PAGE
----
The holidays are supposed to be a time of fun and relaxation. For some people, however, the holiday season is stressful. For those with preexisting heart problems the season can induce something unexpected – heart attacks. The EMTs and Paramedics at Rural Metro Fire want to make you aware and prepared for this, largely unknown, risk at this time of year. Studies show1 that the period between Thanksgiving and New Year’s Day has the highest numbers of cardiac events*, statistically. This trend peaks at 10PM on Christmas Eve and has another spike on New Year’s Eve. Researchers are not entirely sure why this period has such a proliferation of cardiac events, but there are some theories that may explain this phenomenon.


Cold weather, which is common around the holiday season, can exacerbate heart issues. The vessels in your extremities contract in the cold, causing strain on a weakened heart. If you have heart health issues, be sure to avoid extreme cold temperatures and activities like shoveling snow – which is one of the most strenuous activities on the heart and accounts for a significant number of cardiac events in winter. Ask for help with activities outdoors, especially in cold weather, that require a lot of exertion when you have preexisting heart health concerns.


Even in warm climates, the risk for a cardiac event during the holiday season doesn’t diminish significantly. Researchers also think that changed habits during the holiday season contribute to the increase in cardiac events. People tend to overeat and increase alcohol consumption during the holidays in addition to getting less sleep. All these behavioral changes can contribute to increased stress on the heart. Mental stresses of preparing for the “perfect” holiday compound these physical stresses and can be the proverbial straw that breaks the camel’s back.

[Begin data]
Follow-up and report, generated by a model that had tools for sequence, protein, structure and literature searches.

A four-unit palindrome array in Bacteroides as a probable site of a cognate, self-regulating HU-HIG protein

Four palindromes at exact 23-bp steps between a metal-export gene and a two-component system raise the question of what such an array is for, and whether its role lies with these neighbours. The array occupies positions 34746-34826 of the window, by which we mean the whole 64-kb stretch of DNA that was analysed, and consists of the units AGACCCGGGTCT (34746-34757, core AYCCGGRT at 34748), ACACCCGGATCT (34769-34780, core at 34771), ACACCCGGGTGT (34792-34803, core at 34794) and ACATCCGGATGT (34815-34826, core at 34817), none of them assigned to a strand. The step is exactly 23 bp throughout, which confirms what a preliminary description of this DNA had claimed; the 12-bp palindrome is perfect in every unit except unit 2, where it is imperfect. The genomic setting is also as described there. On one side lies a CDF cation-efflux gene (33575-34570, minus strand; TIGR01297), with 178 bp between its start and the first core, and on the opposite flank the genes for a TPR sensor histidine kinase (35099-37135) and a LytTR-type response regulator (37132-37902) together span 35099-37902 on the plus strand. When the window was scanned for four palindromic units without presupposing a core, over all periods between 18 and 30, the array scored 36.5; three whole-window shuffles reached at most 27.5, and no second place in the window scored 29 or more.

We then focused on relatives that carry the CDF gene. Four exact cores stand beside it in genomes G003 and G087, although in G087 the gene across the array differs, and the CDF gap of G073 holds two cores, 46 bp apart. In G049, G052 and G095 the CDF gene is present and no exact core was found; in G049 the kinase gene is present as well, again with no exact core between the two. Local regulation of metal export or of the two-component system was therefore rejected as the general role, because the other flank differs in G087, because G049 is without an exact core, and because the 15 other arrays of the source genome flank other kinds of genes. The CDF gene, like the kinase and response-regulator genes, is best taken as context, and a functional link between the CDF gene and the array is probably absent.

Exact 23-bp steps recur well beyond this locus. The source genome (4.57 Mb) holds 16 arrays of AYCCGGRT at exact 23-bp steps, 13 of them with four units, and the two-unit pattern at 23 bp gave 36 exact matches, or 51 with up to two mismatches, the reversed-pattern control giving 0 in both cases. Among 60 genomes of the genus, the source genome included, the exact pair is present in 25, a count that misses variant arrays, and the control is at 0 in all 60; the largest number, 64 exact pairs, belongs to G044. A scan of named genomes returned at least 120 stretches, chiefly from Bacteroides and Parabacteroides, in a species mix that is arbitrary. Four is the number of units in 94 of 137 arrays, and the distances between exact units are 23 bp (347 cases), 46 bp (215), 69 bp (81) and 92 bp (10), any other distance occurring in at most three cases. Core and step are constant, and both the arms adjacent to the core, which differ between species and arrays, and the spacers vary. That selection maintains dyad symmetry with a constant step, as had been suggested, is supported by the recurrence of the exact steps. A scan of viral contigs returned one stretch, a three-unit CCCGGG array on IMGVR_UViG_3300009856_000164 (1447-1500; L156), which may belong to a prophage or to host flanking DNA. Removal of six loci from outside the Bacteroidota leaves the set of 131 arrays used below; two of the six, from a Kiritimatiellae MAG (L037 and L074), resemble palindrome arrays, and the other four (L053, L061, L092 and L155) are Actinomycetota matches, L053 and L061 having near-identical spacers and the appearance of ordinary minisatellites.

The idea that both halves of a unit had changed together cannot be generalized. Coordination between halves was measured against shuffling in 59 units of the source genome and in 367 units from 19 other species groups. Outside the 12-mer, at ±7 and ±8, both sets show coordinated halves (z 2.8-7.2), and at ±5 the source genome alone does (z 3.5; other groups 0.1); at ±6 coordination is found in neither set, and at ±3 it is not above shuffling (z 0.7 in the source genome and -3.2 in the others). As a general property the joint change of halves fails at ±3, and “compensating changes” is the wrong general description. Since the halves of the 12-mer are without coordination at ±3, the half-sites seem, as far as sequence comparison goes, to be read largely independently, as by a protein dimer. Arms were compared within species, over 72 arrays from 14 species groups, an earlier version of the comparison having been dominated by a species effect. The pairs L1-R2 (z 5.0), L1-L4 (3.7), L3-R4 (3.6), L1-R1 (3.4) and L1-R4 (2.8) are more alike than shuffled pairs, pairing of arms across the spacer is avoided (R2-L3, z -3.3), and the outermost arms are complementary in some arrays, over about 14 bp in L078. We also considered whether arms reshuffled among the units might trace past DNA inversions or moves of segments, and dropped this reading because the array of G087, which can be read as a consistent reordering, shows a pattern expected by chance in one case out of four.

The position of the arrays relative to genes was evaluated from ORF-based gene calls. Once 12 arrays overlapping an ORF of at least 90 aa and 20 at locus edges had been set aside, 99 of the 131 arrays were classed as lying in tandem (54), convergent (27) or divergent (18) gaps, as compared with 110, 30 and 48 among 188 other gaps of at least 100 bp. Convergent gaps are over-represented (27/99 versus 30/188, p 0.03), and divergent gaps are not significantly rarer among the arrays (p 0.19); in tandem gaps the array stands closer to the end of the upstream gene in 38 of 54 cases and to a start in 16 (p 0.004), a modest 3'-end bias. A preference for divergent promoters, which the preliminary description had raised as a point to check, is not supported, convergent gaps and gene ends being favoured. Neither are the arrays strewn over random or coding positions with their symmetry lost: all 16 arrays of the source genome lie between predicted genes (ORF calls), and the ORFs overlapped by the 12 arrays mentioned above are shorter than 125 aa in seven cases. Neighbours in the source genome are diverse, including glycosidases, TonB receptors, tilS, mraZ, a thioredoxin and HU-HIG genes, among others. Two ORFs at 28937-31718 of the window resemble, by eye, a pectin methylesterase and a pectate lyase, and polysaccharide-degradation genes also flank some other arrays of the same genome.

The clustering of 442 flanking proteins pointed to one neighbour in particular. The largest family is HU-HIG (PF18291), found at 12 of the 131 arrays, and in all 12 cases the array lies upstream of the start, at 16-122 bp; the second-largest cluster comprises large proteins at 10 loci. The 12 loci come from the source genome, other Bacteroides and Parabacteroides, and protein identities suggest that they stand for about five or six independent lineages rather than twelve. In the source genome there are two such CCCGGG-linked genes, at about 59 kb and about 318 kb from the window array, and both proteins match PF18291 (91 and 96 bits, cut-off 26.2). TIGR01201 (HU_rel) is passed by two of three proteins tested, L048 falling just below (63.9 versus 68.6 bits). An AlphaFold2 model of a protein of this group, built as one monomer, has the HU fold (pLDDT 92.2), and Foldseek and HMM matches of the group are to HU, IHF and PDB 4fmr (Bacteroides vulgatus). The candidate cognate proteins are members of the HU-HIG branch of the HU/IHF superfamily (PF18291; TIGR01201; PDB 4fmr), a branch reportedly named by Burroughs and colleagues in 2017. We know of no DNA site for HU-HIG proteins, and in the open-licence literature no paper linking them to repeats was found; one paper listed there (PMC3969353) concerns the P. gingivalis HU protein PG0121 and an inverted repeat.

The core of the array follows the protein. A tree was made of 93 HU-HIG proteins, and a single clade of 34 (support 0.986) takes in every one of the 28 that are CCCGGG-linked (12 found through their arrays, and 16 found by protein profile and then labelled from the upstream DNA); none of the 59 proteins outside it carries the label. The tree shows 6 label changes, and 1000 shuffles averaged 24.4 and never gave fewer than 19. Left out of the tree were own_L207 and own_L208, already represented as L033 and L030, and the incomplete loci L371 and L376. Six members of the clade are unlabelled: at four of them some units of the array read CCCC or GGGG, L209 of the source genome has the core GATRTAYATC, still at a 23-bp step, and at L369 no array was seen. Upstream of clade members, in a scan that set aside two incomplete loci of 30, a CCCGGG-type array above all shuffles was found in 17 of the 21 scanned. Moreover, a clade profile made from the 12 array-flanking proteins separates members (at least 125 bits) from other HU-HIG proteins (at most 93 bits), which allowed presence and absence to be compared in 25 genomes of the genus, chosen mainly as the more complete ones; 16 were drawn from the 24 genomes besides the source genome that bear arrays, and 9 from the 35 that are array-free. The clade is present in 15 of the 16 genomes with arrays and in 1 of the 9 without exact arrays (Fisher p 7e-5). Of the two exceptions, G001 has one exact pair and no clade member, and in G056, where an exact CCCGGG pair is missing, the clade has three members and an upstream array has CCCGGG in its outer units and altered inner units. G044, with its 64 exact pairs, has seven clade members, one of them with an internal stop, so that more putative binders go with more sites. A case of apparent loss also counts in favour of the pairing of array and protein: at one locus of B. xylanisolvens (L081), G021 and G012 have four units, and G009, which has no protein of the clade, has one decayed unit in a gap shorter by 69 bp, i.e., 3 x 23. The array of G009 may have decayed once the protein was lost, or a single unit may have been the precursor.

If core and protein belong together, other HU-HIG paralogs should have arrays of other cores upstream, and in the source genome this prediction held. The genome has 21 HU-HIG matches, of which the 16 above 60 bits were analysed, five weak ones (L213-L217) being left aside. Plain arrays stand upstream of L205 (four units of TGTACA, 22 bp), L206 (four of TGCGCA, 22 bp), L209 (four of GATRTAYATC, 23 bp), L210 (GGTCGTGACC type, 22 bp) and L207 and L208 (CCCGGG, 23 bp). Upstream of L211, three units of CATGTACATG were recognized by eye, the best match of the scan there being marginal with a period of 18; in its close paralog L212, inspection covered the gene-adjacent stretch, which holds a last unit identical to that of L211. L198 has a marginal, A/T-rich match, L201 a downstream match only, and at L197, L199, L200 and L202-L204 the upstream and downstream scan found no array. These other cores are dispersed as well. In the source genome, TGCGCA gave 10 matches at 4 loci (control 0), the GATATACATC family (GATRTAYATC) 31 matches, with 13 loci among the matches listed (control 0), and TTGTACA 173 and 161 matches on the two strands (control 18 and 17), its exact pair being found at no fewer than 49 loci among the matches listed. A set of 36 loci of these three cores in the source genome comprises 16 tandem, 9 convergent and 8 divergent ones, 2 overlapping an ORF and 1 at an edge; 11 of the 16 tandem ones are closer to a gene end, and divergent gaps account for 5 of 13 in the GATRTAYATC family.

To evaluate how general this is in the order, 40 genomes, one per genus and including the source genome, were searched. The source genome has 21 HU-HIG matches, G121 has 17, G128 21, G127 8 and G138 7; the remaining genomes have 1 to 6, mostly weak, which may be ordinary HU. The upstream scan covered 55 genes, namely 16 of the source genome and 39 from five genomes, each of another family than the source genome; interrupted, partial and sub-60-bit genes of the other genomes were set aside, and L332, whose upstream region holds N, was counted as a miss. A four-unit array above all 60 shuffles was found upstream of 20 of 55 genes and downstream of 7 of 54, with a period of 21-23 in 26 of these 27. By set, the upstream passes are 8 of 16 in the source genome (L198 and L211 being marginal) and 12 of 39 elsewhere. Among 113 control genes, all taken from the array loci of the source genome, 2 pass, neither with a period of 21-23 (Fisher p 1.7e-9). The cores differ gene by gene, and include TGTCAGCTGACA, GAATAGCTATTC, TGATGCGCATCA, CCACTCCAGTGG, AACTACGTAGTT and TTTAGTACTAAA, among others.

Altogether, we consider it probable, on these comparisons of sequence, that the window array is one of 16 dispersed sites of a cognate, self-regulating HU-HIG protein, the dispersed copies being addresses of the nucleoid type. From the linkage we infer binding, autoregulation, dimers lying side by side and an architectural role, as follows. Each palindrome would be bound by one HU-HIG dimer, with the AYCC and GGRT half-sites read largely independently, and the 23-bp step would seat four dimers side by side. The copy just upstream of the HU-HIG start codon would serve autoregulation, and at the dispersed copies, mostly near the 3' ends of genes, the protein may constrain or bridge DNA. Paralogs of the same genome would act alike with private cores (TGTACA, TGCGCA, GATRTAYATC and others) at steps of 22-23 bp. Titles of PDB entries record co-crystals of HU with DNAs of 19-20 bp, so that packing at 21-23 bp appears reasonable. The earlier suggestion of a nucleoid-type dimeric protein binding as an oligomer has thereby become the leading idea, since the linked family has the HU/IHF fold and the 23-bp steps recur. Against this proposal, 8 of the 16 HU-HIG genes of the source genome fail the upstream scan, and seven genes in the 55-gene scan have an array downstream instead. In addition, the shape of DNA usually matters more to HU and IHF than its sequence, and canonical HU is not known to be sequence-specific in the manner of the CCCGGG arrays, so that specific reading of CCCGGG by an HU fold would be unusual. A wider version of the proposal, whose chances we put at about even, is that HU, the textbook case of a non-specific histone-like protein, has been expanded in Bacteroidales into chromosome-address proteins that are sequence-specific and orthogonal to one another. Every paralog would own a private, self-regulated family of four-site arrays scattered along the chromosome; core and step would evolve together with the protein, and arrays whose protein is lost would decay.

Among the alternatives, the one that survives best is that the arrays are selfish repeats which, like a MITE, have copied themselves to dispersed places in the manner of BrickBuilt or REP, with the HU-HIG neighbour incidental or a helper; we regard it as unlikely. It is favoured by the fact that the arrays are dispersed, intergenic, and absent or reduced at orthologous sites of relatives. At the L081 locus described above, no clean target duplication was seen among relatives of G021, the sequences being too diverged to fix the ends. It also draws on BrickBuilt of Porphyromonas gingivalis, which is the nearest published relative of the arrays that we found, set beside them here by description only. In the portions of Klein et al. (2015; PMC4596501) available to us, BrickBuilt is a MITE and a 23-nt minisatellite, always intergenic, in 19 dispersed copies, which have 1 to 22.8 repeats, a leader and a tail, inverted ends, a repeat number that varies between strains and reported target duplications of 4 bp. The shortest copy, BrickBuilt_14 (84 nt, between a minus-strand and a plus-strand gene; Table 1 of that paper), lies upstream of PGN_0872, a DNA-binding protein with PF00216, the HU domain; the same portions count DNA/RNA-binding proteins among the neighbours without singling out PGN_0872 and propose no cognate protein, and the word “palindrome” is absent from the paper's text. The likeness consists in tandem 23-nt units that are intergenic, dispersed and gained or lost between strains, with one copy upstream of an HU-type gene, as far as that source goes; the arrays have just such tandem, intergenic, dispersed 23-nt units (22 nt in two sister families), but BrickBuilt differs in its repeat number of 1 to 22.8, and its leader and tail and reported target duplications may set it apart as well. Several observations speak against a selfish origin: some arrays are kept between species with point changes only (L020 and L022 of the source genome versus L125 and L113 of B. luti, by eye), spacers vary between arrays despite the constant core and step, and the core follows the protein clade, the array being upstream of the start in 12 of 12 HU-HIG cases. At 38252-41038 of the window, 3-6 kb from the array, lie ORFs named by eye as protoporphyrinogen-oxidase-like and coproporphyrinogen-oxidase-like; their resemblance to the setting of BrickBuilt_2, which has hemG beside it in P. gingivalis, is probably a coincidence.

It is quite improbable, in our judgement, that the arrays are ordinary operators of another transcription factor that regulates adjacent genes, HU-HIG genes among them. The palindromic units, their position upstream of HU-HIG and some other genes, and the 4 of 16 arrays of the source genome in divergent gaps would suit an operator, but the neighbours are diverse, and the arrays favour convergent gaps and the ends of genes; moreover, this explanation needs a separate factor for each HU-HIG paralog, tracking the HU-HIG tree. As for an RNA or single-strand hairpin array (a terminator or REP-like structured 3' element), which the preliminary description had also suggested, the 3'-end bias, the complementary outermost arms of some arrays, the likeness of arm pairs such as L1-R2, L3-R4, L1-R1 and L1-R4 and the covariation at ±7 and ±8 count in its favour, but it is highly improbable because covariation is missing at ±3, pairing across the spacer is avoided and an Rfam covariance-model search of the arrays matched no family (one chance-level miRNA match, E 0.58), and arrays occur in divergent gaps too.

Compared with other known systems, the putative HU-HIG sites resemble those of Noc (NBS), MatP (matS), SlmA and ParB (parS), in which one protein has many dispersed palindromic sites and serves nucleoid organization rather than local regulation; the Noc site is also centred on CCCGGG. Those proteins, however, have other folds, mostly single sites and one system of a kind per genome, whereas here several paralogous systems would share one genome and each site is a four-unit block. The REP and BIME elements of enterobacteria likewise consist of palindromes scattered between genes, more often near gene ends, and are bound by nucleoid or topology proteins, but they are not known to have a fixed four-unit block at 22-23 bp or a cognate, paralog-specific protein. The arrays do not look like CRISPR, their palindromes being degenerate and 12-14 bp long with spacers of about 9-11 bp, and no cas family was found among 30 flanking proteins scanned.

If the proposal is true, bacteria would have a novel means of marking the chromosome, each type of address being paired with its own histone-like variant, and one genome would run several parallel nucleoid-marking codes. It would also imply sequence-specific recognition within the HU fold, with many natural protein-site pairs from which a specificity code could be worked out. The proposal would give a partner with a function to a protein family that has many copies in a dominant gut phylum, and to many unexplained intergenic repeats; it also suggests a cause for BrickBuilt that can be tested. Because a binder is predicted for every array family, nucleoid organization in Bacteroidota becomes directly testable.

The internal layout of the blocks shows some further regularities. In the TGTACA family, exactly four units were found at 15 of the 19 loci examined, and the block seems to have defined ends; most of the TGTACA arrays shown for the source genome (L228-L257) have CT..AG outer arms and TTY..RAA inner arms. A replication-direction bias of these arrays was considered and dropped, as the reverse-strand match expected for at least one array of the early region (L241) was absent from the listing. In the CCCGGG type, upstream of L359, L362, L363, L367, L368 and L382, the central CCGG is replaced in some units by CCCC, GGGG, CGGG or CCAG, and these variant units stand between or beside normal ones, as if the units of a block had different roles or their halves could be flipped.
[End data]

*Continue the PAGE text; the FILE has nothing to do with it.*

So, while the holidays will come and there will be the potential for stresses that can result in cardiac events, there are things you can do to help minimize your risk during the holiday season and all year long. Firstly, see your doctor and follow any protocols they set forth to manage chronic diseases. Limit your food and alcohol exceptions during the holiday season. Try mindfulness practices to reduce mental stress – like deep relaxing breathing – to mitigate its effects on your heart. Do less, and especially less outdoors, in extreme weather to reduce physical and emotional stressors.


Lastly, researchers believe that delayed treatment of cardiac events during the holidays contributes to the peaks seen and poorer outcomes. Rural Metro Fire’s trained EMTs and Paramedics are on call and ready to assist if you begin to feel unwell over the holidays and experience symptoms of a heart attack such as:


  • Chest pain (especially crushing chest pain)
  • Arm, neck or jaw pain (especially in women or those with diabetes)
  • Sweating profusely or cold sweats
  • Shortness of breath
  • Dizziness
  • Loss of consciousness


We urge you NOT to delay treatment as rapid intervention in heart attack patients results in better outcomes. Be aware of your risks and take control of your health for a safer and more enjoyable holiday season. You can take charge by learning CPR – Rural Metro Fire offers free Hands Only CPR classes in conjunction with our parent company, Global Medical Response. You can manage your health by eating better and exercising as prescribed by your doctor and learning ways to decompress and reduce stress in your daily life, reducing your heart attack risk all year long!


1  The “Merry Christmas Coronary” and “Happy New Year Heart Attack” Phenomenon | Circulation (